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North Korea now blasting choral, folk music at DMZ, not propaganda

North Korea has changed its tune -- at least along the DMZ, or Korean Demilitarized Zone, a two-and-a-half-mile-wide buffer of landmines and booby traps that separates it from South Korea.

For years, giant speakers at North Korea's propaganda village, Kijong-dong, would blast a looping playlist of martial speeches. But since the Winter Olympics began earlier this month in Pyeongchang, South Korea, the speeches, which some American officers say they can recite nearly word for word, have given way to pleasant choral and folk music, according to United Nations Command officials.

"Instead of a lot of the hard-line speeches, it has gotten softer," Lt. Cmdr. Daniel McShane, a United Nations Command duty officer who has been posted at the DMZ for five years, told ABC News during a visit to the site Wednesday. "We've been hearing a lot more music, and a lot of it has been more classical, especially at night."

The new playlist may point to a wider thaw in the 65-year-old cold war that has dominated the Korean Peninsula since the communist North invaded the South in June 1950. Relations also appeared to warm when North Korean leader Kim Jong Un dispatched his sister and the president of the country's puppet parliament to represent him at the Olympics.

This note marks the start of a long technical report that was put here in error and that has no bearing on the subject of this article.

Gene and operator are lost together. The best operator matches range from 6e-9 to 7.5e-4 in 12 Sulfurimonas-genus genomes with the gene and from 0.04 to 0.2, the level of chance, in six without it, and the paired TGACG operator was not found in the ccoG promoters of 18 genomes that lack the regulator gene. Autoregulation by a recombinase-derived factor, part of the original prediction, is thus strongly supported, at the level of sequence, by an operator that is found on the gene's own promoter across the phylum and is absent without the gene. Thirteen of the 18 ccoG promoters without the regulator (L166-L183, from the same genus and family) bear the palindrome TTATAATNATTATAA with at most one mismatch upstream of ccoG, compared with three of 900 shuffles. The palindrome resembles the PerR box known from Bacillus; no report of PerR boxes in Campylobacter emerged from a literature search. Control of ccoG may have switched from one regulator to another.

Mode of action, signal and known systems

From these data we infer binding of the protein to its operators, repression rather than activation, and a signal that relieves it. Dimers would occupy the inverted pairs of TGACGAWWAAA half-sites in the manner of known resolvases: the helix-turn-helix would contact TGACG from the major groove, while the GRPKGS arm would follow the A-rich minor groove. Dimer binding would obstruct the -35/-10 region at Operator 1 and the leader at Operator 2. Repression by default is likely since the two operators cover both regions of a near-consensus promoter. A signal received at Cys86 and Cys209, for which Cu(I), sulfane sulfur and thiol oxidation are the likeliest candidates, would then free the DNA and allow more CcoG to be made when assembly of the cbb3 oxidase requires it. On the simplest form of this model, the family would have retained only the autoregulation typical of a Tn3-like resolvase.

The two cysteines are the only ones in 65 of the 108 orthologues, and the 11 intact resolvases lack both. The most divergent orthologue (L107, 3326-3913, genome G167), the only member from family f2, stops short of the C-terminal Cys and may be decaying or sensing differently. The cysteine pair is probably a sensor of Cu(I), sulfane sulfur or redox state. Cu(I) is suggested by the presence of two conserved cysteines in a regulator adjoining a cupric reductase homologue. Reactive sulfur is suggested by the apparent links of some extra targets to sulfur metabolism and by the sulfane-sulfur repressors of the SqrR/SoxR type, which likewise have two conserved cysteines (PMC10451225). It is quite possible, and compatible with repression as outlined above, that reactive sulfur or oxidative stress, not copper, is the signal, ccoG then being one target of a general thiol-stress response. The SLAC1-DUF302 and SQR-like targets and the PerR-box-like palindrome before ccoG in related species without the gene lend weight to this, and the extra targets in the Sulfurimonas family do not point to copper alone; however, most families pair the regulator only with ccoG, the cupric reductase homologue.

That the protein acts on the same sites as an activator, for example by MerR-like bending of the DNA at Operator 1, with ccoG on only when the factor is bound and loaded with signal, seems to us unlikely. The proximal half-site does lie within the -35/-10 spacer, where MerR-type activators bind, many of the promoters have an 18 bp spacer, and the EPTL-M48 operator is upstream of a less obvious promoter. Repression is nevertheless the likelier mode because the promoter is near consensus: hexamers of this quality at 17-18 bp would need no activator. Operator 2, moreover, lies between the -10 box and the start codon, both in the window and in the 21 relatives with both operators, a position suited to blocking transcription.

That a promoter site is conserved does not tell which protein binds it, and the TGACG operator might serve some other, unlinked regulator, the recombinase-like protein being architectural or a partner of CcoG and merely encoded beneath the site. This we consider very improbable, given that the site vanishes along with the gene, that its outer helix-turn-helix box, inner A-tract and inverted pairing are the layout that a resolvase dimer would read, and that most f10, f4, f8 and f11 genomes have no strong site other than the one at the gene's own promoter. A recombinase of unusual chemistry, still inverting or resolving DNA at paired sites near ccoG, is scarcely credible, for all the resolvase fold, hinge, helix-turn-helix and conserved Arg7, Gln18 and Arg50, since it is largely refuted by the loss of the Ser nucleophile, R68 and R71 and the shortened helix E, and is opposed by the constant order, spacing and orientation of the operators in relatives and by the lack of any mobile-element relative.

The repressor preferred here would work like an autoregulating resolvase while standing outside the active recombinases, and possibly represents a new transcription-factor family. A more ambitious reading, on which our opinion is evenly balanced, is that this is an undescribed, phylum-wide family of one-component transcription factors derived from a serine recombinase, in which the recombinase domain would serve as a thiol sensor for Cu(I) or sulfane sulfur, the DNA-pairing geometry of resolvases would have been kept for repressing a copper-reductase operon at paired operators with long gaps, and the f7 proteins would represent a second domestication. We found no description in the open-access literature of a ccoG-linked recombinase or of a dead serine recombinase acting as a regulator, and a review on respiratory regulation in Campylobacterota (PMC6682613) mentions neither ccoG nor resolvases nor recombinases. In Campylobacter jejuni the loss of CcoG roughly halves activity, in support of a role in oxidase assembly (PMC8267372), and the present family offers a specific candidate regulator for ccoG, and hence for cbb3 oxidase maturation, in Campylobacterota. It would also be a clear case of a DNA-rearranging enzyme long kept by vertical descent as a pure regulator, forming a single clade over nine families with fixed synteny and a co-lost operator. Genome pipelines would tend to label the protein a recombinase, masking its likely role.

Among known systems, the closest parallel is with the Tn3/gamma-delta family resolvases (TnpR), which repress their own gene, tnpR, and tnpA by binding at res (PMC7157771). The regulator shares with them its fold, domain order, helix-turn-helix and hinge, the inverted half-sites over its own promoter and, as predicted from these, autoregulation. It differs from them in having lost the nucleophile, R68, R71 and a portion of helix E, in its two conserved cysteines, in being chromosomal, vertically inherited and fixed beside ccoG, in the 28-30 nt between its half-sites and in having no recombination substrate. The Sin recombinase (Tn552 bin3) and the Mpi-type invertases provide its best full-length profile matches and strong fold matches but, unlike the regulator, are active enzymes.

North Korea also sent a cheerleading team and a marching band, and the nation's athletes marched under a unified flag with the South Koreans.

McShane said North Korea's different musical offerings near the border "could be just because there's a good number of North Korean citizens here."

"Or," McShane added, "it could just be a coincidence. Maybe they've run out of speeches."

Not much else has changed near the DMZ. Although diplomats from both the North and South recently met at the so-called Peace House, tensions remain, McShane said. Communicating with North Korea remains challenging. In 2013, representatives of North Korea stopped answering a hotline phone that had connected them to the U.S.-led United Nations command.

When messages must be sent, especially complaints about armistice violations, an American officer will descend from a command post, walk between the iconic blue huts, around the sunglasses-wearing South Korean guards, and signal for a translator who, from the very edge of South Korea, must literally yell into North Korea.

It often takes multiple attempts. Eventually, a North Korean officer will descend, carrying a video camera to record the U.S. officer's request. That video, according to officers on the South Korean side, is then relayed to central command in Pyongyang. Often, the North Korean officer will not even respond directly to the American who's making the request.

Nearby, to the north, an estimated 15,000 artillery pieces are pointed directly at Seoul, about 25 miles to the south.

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